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Cedar Rapids Gazette: Wednesday, January 9, 1974 - Page 7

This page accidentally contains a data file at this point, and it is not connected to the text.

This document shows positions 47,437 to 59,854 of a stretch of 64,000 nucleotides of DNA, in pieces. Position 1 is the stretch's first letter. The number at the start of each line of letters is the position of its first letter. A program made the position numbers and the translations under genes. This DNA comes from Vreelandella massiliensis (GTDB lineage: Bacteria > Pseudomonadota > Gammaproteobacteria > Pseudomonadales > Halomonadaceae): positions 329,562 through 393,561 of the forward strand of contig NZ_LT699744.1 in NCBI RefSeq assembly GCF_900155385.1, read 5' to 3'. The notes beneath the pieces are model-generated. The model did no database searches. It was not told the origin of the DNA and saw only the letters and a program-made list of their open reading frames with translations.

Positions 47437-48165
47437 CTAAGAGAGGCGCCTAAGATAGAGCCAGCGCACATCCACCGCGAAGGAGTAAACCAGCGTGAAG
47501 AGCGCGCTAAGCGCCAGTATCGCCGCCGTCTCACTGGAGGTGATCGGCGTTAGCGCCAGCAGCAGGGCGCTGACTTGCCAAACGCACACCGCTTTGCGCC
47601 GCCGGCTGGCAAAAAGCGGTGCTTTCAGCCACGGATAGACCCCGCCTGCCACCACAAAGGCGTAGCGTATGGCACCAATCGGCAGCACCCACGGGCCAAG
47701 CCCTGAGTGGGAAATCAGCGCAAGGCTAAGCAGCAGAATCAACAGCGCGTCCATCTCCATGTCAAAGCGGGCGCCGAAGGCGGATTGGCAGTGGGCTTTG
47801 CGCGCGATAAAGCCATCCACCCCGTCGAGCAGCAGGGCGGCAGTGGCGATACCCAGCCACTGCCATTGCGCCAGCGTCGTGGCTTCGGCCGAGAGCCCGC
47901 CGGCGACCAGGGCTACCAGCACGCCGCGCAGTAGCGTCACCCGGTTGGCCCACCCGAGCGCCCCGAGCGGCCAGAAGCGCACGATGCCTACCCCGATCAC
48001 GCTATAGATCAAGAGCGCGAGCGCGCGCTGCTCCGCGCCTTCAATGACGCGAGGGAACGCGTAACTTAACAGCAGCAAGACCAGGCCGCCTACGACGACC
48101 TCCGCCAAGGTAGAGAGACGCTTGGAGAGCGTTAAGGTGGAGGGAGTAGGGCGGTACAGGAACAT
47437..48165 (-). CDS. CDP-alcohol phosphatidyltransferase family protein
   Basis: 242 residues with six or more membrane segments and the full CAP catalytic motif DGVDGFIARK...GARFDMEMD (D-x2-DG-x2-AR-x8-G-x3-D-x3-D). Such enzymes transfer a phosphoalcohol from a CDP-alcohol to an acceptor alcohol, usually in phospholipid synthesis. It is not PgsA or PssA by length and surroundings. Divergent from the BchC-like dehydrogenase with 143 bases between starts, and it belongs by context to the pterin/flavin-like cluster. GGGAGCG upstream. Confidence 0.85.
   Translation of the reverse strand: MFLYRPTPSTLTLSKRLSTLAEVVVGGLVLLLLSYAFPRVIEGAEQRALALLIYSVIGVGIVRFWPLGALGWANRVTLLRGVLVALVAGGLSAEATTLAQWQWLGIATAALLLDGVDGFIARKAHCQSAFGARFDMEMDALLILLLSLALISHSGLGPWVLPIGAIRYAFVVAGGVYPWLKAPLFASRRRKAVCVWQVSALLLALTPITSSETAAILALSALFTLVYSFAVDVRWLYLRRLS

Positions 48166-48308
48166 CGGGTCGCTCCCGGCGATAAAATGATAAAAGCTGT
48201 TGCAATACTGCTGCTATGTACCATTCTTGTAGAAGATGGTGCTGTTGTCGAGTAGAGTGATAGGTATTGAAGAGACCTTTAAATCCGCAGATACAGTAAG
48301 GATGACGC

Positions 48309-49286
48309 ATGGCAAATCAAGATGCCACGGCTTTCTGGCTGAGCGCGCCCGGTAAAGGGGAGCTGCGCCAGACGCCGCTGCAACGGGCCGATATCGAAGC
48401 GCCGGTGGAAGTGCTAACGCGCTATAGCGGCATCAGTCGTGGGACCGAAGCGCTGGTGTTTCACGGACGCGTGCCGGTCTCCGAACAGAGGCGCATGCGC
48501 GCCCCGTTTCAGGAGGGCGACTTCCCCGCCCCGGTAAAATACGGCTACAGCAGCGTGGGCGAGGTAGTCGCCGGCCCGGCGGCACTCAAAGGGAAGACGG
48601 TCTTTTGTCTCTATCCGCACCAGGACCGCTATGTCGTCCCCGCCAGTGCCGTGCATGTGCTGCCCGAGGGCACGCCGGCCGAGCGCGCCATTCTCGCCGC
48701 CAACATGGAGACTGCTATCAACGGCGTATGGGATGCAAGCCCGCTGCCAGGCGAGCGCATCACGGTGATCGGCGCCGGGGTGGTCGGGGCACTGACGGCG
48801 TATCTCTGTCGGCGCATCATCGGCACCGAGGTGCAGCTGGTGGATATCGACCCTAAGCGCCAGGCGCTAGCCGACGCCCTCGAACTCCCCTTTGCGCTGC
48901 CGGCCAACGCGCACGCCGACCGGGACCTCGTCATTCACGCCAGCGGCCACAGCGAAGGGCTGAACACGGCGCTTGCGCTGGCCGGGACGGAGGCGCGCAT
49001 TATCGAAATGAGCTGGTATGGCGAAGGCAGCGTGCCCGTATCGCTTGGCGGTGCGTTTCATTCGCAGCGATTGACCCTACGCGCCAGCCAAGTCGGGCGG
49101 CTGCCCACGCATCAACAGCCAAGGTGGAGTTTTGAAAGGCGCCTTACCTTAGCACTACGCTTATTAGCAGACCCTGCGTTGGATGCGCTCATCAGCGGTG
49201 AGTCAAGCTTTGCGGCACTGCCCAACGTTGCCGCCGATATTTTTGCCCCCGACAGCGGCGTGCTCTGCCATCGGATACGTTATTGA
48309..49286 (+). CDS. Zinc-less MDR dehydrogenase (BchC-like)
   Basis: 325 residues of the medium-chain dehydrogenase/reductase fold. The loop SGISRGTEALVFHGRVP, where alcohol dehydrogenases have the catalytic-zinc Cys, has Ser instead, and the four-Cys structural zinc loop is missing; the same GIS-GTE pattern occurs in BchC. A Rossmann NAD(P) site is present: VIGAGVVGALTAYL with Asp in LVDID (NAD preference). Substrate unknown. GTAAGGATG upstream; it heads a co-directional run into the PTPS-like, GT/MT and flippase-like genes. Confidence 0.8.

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   Cedar Rapids Gazette (Newspaper) - January 9, 1974, Cedar Rapids, Iowa                                Perpetual motion? Editorial Page Wednesday, January 9, 1 Toward a global granary OF ALL the proposals jamming the congressional docket prior to adjournment last month, none holds more promise of universal betterment than a grain reserve bill filed by Iowa's Sen. Dick Clark. The measure would es- tablish domestic reserves of six major grains and feed grains and authorize American participation in formation of universally-ad- ministered grain reserves. To appreciate the need for domestic and global stockpiles of staples and livestock feeds, one need look no farther than banner headlines of the past several years: The notorious Russian wheat deal saw United States tax- payers underwriting bargain- basement grain shipments to Asia. Global food scarcities were co-triggered by population explosions and failure of un- derdeveloped countries to improve their agricultural output. Burgeoning nutritional re- quirements grew from affluence in previously poor nations. Significantly, both the domestic and global sides of the Clark bill are aimed at creating order where confusion now holds sway. Overflow production from boun- tiful days could be held against times of underproduction and shortages. Moreover, stabilization of. livestock feeds would prevent severe meat-price fluctuations. The demonstrably urgent domestic for government reserves of corn, grain sorghum, barley, oats, wheat and similar to legislation filed in the house by Iowa Rep. Neal Smith. But the world-reserve proposal is the first ever offered in congress. It thus deserves far more attention than was accorded it during the congressional ses- sion's eleventh hour. At first glance, formation of a global granary seems a moun- tainous task. For one thing, the initial urge among major cereal producing nations is to serve themselves first, then worry about the family of man. For another, the ideologies of the world seem too disparate to allow teamwork of the scope required in the grain- reserve effort. Yet the global food-population crisis shows no other way to go. As Author William Paddock argues in a new book, "What We Don't traditional U.S. aid merely has allowed countries to evade their responsibilities in population control and agricul- tural development. The distinguished.Americans, Britons and Canadians compris- ing the British-North American Committee believe the logical replacement of foreign aid is a food bank insuring against crop failure anywhere in the world. Clearly, congress should make of- ficial this country's identification with that goal. A GOOD friend, who makes it a point to keep track of such things, is convinced'the legisla- ture could make a sizable con- tribution to the effort to save energy by limiting study commit- tee meetings between sessions. His motivation for the little non- energetic study leading to this conclusion came when State Senator Priebe of Algona recently suggested cancellation of December legislative meetings to save energy. It turned out there were hardly any meetings scheduled during the last two weeks of December. But nine were held earlier, in- volving 66 legislators. Our friend's figures show that if each of the 66 legislators involved actually showed up for the meet- ings, the mileage would run at 10 cents per mile for miles traveled. They showed also that if the cars averaged 12 miles per gallon, the gasoline consumed would total gallons. These figures do not include the per day salaries paid to each attending legislator nor the ex- penses paid for meals and lodg- ing. It would be too much, of course, to expect the legislature to eliminate interim study commit- tee meetings completely; there is a real need for some of them. Whether there is a need for all of them is anoth.er question. Still another question is whether the committees might function more efficiently, as well as eco- nomically, if fewer legislators were appointed to each commit- tee. Now that we are experiencing an energy crunch, real or other- wise, these are questions that deserve consideration when the legislature makes plans for studies to be conducted during the interim between the 1974 and 1975 sessions. Raw-resource pools sense latent power By C.L. Sulzberger Possibly the most interesting A shift in world balances this decade will eventually be seen not as the ending of two dominant military blocs and the start of a vaguely perceived pentagonal grouping the United States, Russia, the European community, China and Japan but as the emergence of the nonaligned underdeveloped lands as an effective global force. This is not because of their immense population, once described to me by Algeria's President Houari Boumcdicnnu as "the Third World's atom bomb." H is rather because that inchoate collection of nations possesses certain key raw materials which, if held back, can weaken if not paralyze at least some in- dustrial powers. Oil is but the first and most flamboyant example of what may prove to bo an emergent pattern. Boumedienne told me (February, "Petroleum is in Algerian earth. It must be used for the Algerian national economy and not for the benefit of other, richer lands. All the wealth of the Algerian earth belongs to the people of includes another key energy source natural gas.) Sovereignty People's forum To the Editor; After reading the letter headed "Reasoning" on Jan. 3, and understand- ing the underlying message comparing the Miss Iowa-USA pageant to por- nography, I realized that this must have been written by a member of or sym- pathizer with the Women's Caucus. I find it hard to understand why the Women's Caucus is so bothered by the pageant that someone finds it necessary to attack it in this manner. That type of group is usually the first to call for everyone to "do their own thing." Most girls who enter pageants do so for the experience and fun that are involved. Some obviously are hoping to win scholarships, and I'm sure some are hoping to end up another Bess Myerson, Lee Merriweather or Mary Ann Mobley. Regardless of the reasons each girl has for entering, however, she should be to do so without harassment from the Women's Caucus or anyone else. As a woman I firmly believe that the Women's Caucus is in error when it tries to force its views on other women through harassment, intimidation or any other means, I, too, believe in doing my own thing and do so with the support and en- couragement of my husband and family. I also believe, however, in the rights of others to manage their lives as they see fit with no interference from me. It seems in recent years that manv groups working for the rights of others are using their cause as an excuse to deny us some of the rights we already had. If the Women's Caucus wishes to help the cause of women's rights, there are many areas in which to work constructively. Trying to stop pageants is, in reality, an attempt to deny some girls and women the right to participate in an activity they enjoy, and I consider that to be a des- tructive activity. Mrs. Billy W. Lawson 1617 Sherbrook drive NE tyranny exposed By Don Oakley A SCANDAL like Watergate could never happen in the Soviet and be exposed to an in- dignant public, that is. For one thing, it requires rival political parties. An independent judiciary and legislative branch and a long tradition of adherence to the rule of law are essential ingredients. Not least of all, it demands a free and alert press. None of these things have the Russian people ever enjoyed, either under the czars or the commis- sars. The Kremlin might well wish that a. "Watergate" was all that it had to con- tend with, however. A scandal of such monumental dimensions that the word is a pitifully inadequate label, a scandal long festering beneath the surface of Soviet life, has broken into the open with the publication in Paris of a new book by Nobel laureate Alexander I. Solzhenitsyn. It makes Watergate look like a harmless cabal among kindergartners. The revelations and indictments con- tained in Solzhenitsyn's "The Gulag Archipelago, go beyond those ho has already written about in his other quasi-fictiUouo books based on his 11 years' experience as a political prisoner and exile, such as "One Day in the Life of Ivnn In Ills new book, which may he his Don Oakley crowning life's work, Solzhenitsyn names real names of those involved, both as vicitims and as authorities, In the Gulag- Joseph Stalin's labor camp network. The Kremlin faces a double dilemma: how to prevent the revelations from inevitably filtering back to the Russian public, among whom exist thousands of survivors of Stalin-era terror longing for some kind of justice; and how to punish Solzhenitsyn without arousing an outcry in the outside world and causing repercussions that could adversely affect the U.S.-Soviet detente. It is again to speak in wholly inadequate terms reminiscent of the Pentagon Papers affair in this country. While the Nixon administration had nothing to do with the Initial involvement in Vietnam and the papers held littlo that reflected on it and much that was already on the public record, it felt It necessary to attempt to squelch their publication In the interests of "national and in so doing took extra-legal steps that proved much more disastrous than the publication itself. There, of course, the comparison ends. The present Soviet leaders are the direct heirs of one of the most vicious tryannies the world has ever seen, a tyranny which fed on its own children and, in a genera- lion, consigned millions of people to death, torture or brutal imprisonment. Even though it may have abolished some of the worst aspects of that tyranny, for the Kremlin now to permit its victims to come forward and tell the whole story, to permit trials of the officials involved, some of whom still hold positions of authority, would bo to shake the Soviet Union to itn very foundations. Doubts that some Americans may have about the fundamental justice of their system of government fade Into nothing- ness alongside the implications for Rus- sia in "The Gulag Americans have all kinds of remedies for Watergate, Including the right to throw the rascals out in the next elec- tion, if not sooner. When justice comes to Russia, It will be a terrible thing to behold. And the more It Is repressed, the longer It Is delayed, (he more lerrlblo it will he. rnlcrprlio Ai'.ocloflon Wasting light To the Editor: Sometimes I wonder if there really is a gas, oil and power shortage in our fair city. Every morning our street lights burn until After checking, I find there are several thousand of these lights, and they burn 175-walt bulbs. On a clear day one can accurately read a newspaper at 7 a.m. on the streets. Passing some of our big factories here I found many big lights burning at in the afternoon outside and not a person working or around. Also, many lights burn in front of stores and business places at that hour. What a waste. How many Christmas trees could have been lit up with this waste of power? Perhaps next year our beloved law-makers will try to eliminate Christmas altogether. To me, the whole setup doesn't make sense. Albert Scoville 835 Fourteenth street NE 'LETTERS The Gazette's editorial pugc welcomes readers' opinions, subject to these guidelines: Length limit: 400 words. One letlcr per writer every 30 days. Ail may be condensed and ediled without changing meaning. None published anonymously. Writer's telephone number {not printed) should f follow name, address and readable handwritten signature to help authenticate. Contents deal more with issues and events than personalities. No poetry. Boumedienne continued: "There must be'increased prices and we must as- sert our ownership the Algerian state, according to international law, has the right to nationalize any foreign conces- sions." The day after our talk he nationalized 51 percent of France's petroleum con- cession. In July, 1972, he predicted in another conversation an energy crisis with the Middle East and North Africa becoming vital to world development. There is little disagreement among the oil states on matter how much they may argue on other matters. The shah of Iran, although poles apart from Boumedienne, told me the last time I saw him (April 14, "The U.N. charter states specifically that all the natural wealth of a country belongs to that country We know our fuel business and we will sell energy from an organization at least as as that which existed before Anyone who has the money can come and buy our product." Since_ last October's Arab-Israeli war, many of the most important petroleum- owning states (outside of North America) have readjusted to the old law of supply and demand and realized they can make more money by withholding oil from the market while enormously boosting the price. This has worked like, a dream, aided by lack of planning in the industrial West and Japan which somehow refused to believe it possible that they could lose eternal'access to cheap fuels owned by other peoples. The shah told me in 1961 that the United States wasn't doing enough to protect its access to oil abroad. He recalled later: "Nobody believed me then. But now your country realizes the importance of this." Petroleum and natural are only part of the picture. New squeezes arc inevitable in ullicr areas. Copper could be next. At last year's Arab summit, President Joseph Mobutu of Zaire addressed the meeting (first non-Arab to do so) and there have since been reports he was offered funds to stockpile copper from and neighboring Zambia. Zaire, Zambia, Chile and Peru are the four largest copper suppliers and, despite ideological arguments, they have all agreed to restrict exports if tho existing favorable price structure threatens tu collapse. Aral) stockpiling of Zaire-Zam- bia copper would probably boost pi-ices. lever This same kind of logic is bound to he applied to other materials. The law of supply and demand can be a handy weapon when properly used. To a large degree, neither the United States nor the Soviet Union (much less China) has been seriously in- convenienced by the first successful at- tempt to apply this law in the instance of petroleum. They have access to largely sufficient stocks of their own and (especially the U.S.) can easily cut down wasteful usage. But the day is coming when the Third World applies more and more political leverage by restricting access to more and more items. This is normal logic. It is high time, therefore that the tech- nically advanced West gets ready to act in unison (as tentatively suggested by Kissinger) to face inevitable difficulties which could further hamper its progress. If this is not done some Western nations face the possibility that a decade or two hence, because of their overloaded social commitments to themselves, they and not the Third World will be the earth's underdeveloped segment. New York Times Service C.L. Sulzberger Isn't It the Truth? By Corl Riblel, jr. National .borders are becoming ob- solete as money changing and petroleum diplomacy create a new breed of trillionaire: a man or consortium who can now go and live anywhere they choose in about the same degree of com- fort and fear they would experience at home. All that must be decided in making the selection is under which law they will settle the law of the computer or the law of tho fang. "Money can do anything." Dickens IntcrOcean Pness Syndicate Old virtues newly wrapped By Helen B. Shaffer WASHINGTON The Republican party has doubtless .suffered from Watergate and this party is considered to be the natural "home" of the conserva- tive tradition in American politics. Does it necessarily follow, then, that conser- vatism too has suffered a setback? Tho answer is still in the future but there are some signs of Watergate's ef- fect on the conservative-liberal balance. The Nixon administration has muted its talk of building a "new majority" from blue-collar constituencies in suburbia. The administration has also apparently backed down in attempts to dismantle a number of social-welfare programs that have long been the target of conserva- tives. The contrast between January 1973 and January 1974 in this regard is striking. A year ago, the President was all set to reverse a trend toward the "welfare slate." At that time he exuded confidence and a strong sense of his authority to carry out these policies, whether congress went along with him or not. He was buoyed by his landslide re-eleclioni victory the previous November. Now the steam bus gone out of the ad- ministration's crusade against "welfare stateism." Nixon's plan for "new. federalism" through extensive revenue- sharing with tho states has made little headway. And public esteem of tho President has fallen amid demands for his Impeachment or resignation. The events following the first Water- gate disclosures have been profoundly disturbing to many conservatives. While Nixon may never have been their Ideal candidate for President, they nevertheless supported him nnil expected him to further their favored causes. Now I IK fear that the damage to his prestige will discredit conservative posi- tions. As early as Scpl. 12, Sen. Dnrry M, Goldwater "favorite son" of right-wing Republicans, accused "diehard liberals" of trying to "equate the irregularities of the Watergate affair with conservative principles generally." The conservative weekly Human Events found it "disconcerting that in the wake of Watergate, the President has been yielding to political foes." It eluded conservative members of congress for failing to warn the President- that he would have to support conserva- tive causes if ho expected conservative support during his impeachment crisis. Vice-president Spiro T. Agnew's resig- nation on Oct. 10 was even more disheartening to conservatives. William F. Buckley, jr., editor of the weekly Na- tional Review and brother of Son. James L. Buckley (Conservative-Republican, cautioned his fellow conservatives not to let Agnew's disgrace sway them from upholding positions he had taken. He said Agnew had become so much "the incarnation of law, order, probity and inflexible that conservatives were likely to feel that these qualities had fallen with him. Expectations for conservatism have risen and fallen during the past two decades, usually in response to the drift of everyday politics. When Clinton k Rossller wrote his hook, "Conservatism In In tho early years of (lie Klscnhowcr administration, he said "the revival of conservatism in American politics and culture (was) one of (he wonders of the postwar decade." Hut conservative optimism waned with the Democratic victories of 1980 and 19114, Helen B. Shaffor only to surge forward again with the election of Richard M. Nixon in Claims that conservatism is resurgent in politics arc based largely on analyses that indicate the end of the old Democratic coalition put together by Franklin D. Roosevelt. A "new majority" of conservative stamp was said to have emerged. But a smattering of elections held last November raised doubts as to how firmly the "new majority" is wed- ded to the Republican party. There were signs the blue-collar ethnic in suburbia is drifting back to the Democratic fold. What this means over the long term is uncertain. Both major parties contain conservative and liberal elements, and the old Roosevelt coalition itself con- tained conservative elements. Political decisions will, no doubt, con- tinue to be made on a pragmatic basis reflecting the necessities of changing circumstances. That usually adds up to a fairly liberal stance. But conservatism, if viewed as a general outlook rather than as a set of policy positions on specific is- sues, has a lot going for it. Disillusionment over the failure of past reforms to solve social problems has boosted conservative arguments against liberal nostrums. From the ranks of disappointed liberals has arisen n new faction referred to as "nco-conscrva- tivos" who arc having second thoughts on the standard liberal social policies. Tho prestige of conservatism has gained from the emergence of witty ur- bane, literate propounded of Its tiics- sage. William F. Buckley, Jr. Is the best-known of Ihoso who linvo helped' dispel the Imago of tho conservative as mntcrlallHtic, selMntorcntecl bilHlnoHs They have resurrected tho linaKo of conservative as n moral, Immune, ami In o leclmil nrlslocrnt, H nilKhl ovoi..... wild that they hnvo miido It "chic" to lui or nt loimt not he one, Cilllnrlnl nntnnrrli